Collection hotels could be the future of the industry in Israel

An extensive seven-year restoration, preservation and renovation created an impressive boutique accommodation, The Jaffa luxury hotel, part of the mighty Marriott hotel brand.

 THE JAFFA Hotel. (photo credit: MOTTI VERSES)
THE JAFFA Hotel.
(photo credit: MOTTI VERSES)

Collection hotels might be the future of the industry in Israel, as apparently this is what guests are demanding

Entering Jaffa’s impressive, renovated, well-maintained building that once housed the School of the Sisterhood of Saint Joseph convent and adjacent 19th-century former French hospital, you will be impressed.

An extensive seven-year restoration, preservation and renovation created an impressive boutique accommodation – The Jaffa luxury hotel. A partly hidden sign indicates that the hotel is part of a luxury collection. To the puzzled traveler it might be an enigma, but for the experienced one it is an indication of the best there is. Yet no sign, board or any clue makes the guest aware that the hotel is part of the mighty Marriott hotel brand.

The term “collection” as far as hotels are concerned is creating a global buzz, and The Jaffa may be the harbinger that indicates that a rise in international collections is coming.

What are these collection hotels? In most cases these are a collection of independent hotels that join a major brand’s platform while retaining their own names and branding.

 THE ISROTEL Dead Sea Hotel (credit: ISROTEL) THE ISROTEL Dead Sea Hotel (credit: ISROTEL)

This trend is called soft-branding or umbrella-branding established by recognized hotel chains to meet the increasing demand of hotel experiences. In recent years the hospitality industry is fostering individuality. They appeal to hotel owners that do not wish to be held to strict standards of a classic brand.

However, they eat the cake and have it at the same time. They operate their hotels themselves, under a recognized brand. This joint venture is a win-win that allows for the proliferation of soft brands.

At the same time it energizes the individual existing hotel, and owners enjoy the strong distribution of a reputed brand network. The bonus is the exposure to millions of loyalty club members, who love to receive perks like complimentary breakfast, room upgrades and hotel credits.

For the global brands it is like opening a box of candies – a potential for huge growth, as they are interested in signing as many hotels as they can to their commercial systems. In no time they assure immediate positive cash flows with no risk at all.

Marriott’s Luxury Collection is defined as “comprised of world-renowned hotels and resorts offering unique, authentic experiences that evoke lasting, treasured memories.”

“The Jaffa is a unique historic luxury property that Marriott is proud to have in its portfolio and to expose to more than 140 million members of its Bonvoy loyalty program,” says General Manager Michael Schmid. “Our standards are similar to our luxury Ritz Carlton brand, but we try to be less formal in keeping our individuality.”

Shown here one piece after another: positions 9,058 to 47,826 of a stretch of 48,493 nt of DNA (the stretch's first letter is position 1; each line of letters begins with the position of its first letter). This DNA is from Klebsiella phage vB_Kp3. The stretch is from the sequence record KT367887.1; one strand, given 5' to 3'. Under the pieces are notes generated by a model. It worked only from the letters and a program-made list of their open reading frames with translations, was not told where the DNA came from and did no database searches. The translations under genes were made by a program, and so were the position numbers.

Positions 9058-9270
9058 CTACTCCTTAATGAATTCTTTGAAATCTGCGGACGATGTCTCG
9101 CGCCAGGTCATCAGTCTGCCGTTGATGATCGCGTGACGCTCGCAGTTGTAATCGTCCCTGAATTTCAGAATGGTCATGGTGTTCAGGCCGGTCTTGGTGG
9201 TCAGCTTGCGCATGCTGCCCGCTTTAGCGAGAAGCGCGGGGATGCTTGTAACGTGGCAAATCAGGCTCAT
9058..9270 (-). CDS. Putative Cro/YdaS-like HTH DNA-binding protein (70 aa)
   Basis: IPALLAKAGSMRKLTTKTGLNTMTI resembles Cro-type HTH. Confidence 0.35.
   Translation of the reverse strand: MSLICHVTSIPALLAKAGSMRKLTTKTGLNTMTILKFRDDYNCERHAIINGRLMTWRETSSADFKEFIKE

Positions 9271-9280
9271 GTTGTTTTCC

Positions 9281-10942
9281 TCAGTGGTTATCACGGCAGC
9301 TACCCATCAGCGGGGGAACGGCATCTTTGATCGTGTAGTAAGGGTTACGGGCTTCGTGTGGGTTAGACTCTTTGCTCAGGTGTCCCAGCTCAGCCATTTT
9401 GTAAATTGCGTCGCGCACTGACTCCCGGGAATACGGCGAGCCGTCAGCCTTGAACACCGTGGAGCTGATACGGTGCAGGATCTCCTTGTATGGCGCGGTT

Isrotel, one of Israel’s dominant hotel chains, announced last December a new branding, which classifies its hotels into three segments. “Isrotel Collection – the vacation and resort hotels suitable for families. Exclusive – the chain’s luxury hotels, and Design – hotels of up to 200 rooms, emphasizing design experience,” says Nahum Kara, Isrotel’s head of sales and marketing.

However those hotels will clearly carry the company name publicly. What is interesting is its Design’s Publica hotel in Herzliya, introducing a mysterious sign at the entrance – Autograph Collection.

This collection is a group of independent upscale-to-luxury hotels within the Marriott International portfolio. This brand’s properties are independently owned and operated under the Autograph Collection name. 

“The Ella brothers, the Publica co-owners, successfully initiated that cooperation with Marriott when the hotel was launched,” explains Kara. 

The Autograph experience itself caters to unique preferences, such as culinary, historical exploration, arts, family, sports and urban tours – surely aiming for the Millennials, which dominate Herzliya Pituah workplaces.

How significant is the collection buzz? It’s the future of the industry, as apparently this is what Millennials will demand. Israeli tourism expert Joseph Fischer, with 40 years of experience working for leading international hospitality brands, is confident. 

“If there’s something that the corona pandemic should teach the lodging sector, it is that constant change is here to stay. All those big old ‘cookie-cutter’ brands lost their attractiveness in the new world led by Millennials. Nowadays, it’s all about creating experiences and memories, and not about hard standards – room sizes and executive lounges. The collection is a good solution for big brands that want to stay attractive,” he says.

Indications here are starting to pop up. Only recently, Hilton announced plans to introduce for the first time two of its collection hotels in Israel. The LXR and Curio properties on Tel Aviv’s waterfront next to Independence Park. They are scheduled to open in 2026.

Will other international or Israeli brands follow with their own collection portfolio?

Stay tuned. For us, the customers, this is great news. We are exposed to endless new hospitality opportunities and surprises, with competitive prices and pampering rewards for memorable experiences, while the collection variant is buzzing.

The writer was, until recently, the spokesperson for Hilton Hotels in Israel.